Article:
[OPE-L:5606] Re: Re: explanatory power and need for price theory

From: Paul Cockshott (paul@cockshott.com)
Date: Thu May 17 2001 - 05:36:24 EDT

On Wed, 16 May 2001, you wrote:
> >Re: Fred Moseley [5569], Jerry Levy [5582] and Geert Reuten [5583]:
> Jerry: 
> >>Fred argues [[5569]] that his perspective is preferable to
> >>VFT  "because it has greater explanatory power."
> >>How are we to judge, though, which theory has
> >>greater explanatory power?
> Fred set's out this argument more fully in a 1997 piece (on his website).
> In my view, the sort of axiomatic logic that Moseley advocates there misses
> the role of the price system in allocating labour to different
> technical-material labour processes, as it misses the co-constitution of
> value and price that makes the form-determined (capitalist) economy what it
> *essentially* is.  Further, his claim to greater explanatory power for LET
> seems to be based on a misunderstanding of the methodology underlying the
> value-form argument.  As is usual in these debates, methodological and
> substantive issues interact.

These are valid points, and there was an extensive debate on 
this in the 60s under the rubric of reverse re-switching, where
Sraffians showed that under certain conditions the optimal
technology to chose depended upon prices determined by
the rate of profit rather than soley upon labour contents and
physical productivity. However for this to occur rather special
conditions are required of the input/output matrix. A relevant
question is whether such conditions are in practice met by
real economies. The work of Shaik and his collaborators indicates
very strongly that this is not the case, that reverse re-switching
does not occur in real economies. 

Shaik's work indicates that choices of technology based on
market prices and choices based on embodied labour would
be essentially the same.

> The crux of Moseley's argument (circa 1997) is that an 'adequate' theory of
> the magnitude of value added must meet certain logical requirements for
> independent determination of variables within an equation.  The assumption
> is that theories (eg R&W's VFT) that do not meet the axiomatic requirements
> of analytical determination are incapable of determining the magnitude of
> surplus value.  He then follows up this criticism by saying that Marx's LET
> is a 'plausible hypothesis, the validity of which should be evaluated on
> the basis of the extent to which it can explain the important phenomena of
> capitalism' (p.1).  The reduction coefficients (required by Fred's own
> theory, and criticised by Reuten and Williams) can he says be assumed -
> 'taken as given' - since a 'scientific theory may involve the postualtion
> of unobservable entities' (p.3).

On reduction coefficients one should distinguish two types:

1. The reduction of individual labour productivities to the mean within
    a given trade. This can be precisely determined by work/study
    methods and is not thus an unobservable.

2. The comparision of labours in different trades. It is questionable whether
    from the standpoint of the LTV one has to perform any reduction here,
    other than the degenerate unitary reduction. One should in principle
    distinguish between the abstract labour content of a product and
    the wage content of the product. Factors relating to gender, class and
    custom cause wage rates to vary independently of the abstract labour

> In taking the stand he does, Fred passes up the opportunity to develop any
> understanding of VFT.  For VFT, any attempt to establish a relationship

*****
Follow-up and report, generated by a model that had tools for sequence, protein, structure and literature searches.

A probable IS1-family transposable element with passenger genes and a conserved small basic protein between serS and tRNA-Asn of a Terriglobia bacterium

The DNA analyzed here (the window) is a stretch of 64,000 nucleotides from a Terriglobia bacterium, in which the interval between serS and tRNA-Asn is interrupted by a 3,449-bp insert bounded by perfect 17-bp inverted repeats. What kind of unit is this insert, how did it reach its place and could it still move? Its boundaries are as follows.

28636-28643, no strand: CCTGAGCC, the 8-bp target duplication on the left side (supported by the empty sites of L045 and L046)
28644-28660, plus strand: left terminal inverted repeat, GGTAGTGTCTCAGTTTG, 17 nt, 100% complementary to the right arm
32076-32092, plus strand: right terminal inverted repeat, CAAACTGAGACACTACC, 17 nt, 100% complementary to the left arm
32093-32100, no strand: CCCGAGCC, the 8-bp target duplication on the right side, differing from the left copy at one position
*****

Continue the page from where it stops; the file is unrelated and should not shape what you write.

> between independent and dependent variables is misplaced since what is
> fundamental about capitalism is that the variables of interest to Fred are
> inextricably interconnected - it is their unity that makes capitalism what
> it essentially is.  i.e. in capitalism value and price are mutually
> constituted by exchange, the only process whereby the private,
> concrete-labour of individuals becomes validated as social, abstract
> labour.  Hence there is no sense in which abstract-labour and value are
> independent of their monetary expression. On the contrary, abstract-labour
> is labour-time measured in money, where the money productivity of labour is
> the dominant operator.

Again I will reiterate the point I made in a previous article, that this
standpoint not only prevents one from carrying out an analysis of 
socialist and mixed economies - it is positively counter revolutionary
since it implies that rational economic calculation requires money and
the market. This is the economics of Hayek not Owen, Marx or Engels.

> >From this perspective, an axiomatic logic is wholly inappropriate and lacks
> explanatory power as a theory of social value.  Given the unity of value
> and price, Moseley's (1997) question must be rephrased: can any theory
> predict prices on the basis of labour-time?  By itself labour - as measured
> in time - is not homogenous (i.e. a reductive abstraction) and can be made
> so only by assuming away a real problem, by definition (as Marx, in fact,
> did).  Moreover, labour-time is not constant since labour-productivity
> changes over time.  Since there is no adequate measure of physical
> productivity of labour, there is also no adequate measure of socially
> necessary labour time.  How then does LET theory explain prices and profits
> as Moseley demands?  Only by assuming them away - taking them as 'given'.

No, it computes the labour embodied in the products and then correlates
these with the market prices. The hypothesis is that variations in labour
embodied will explain most of the variations in market prices. This turns
out to be the case. LTV most certainly does not take prices as givens,
it predicts that they will vary in line with embodied labour.

Paul Cockshott, University of Glasgow, Glasgow, Scotland
0141 330 3125  mobile:07946 476966

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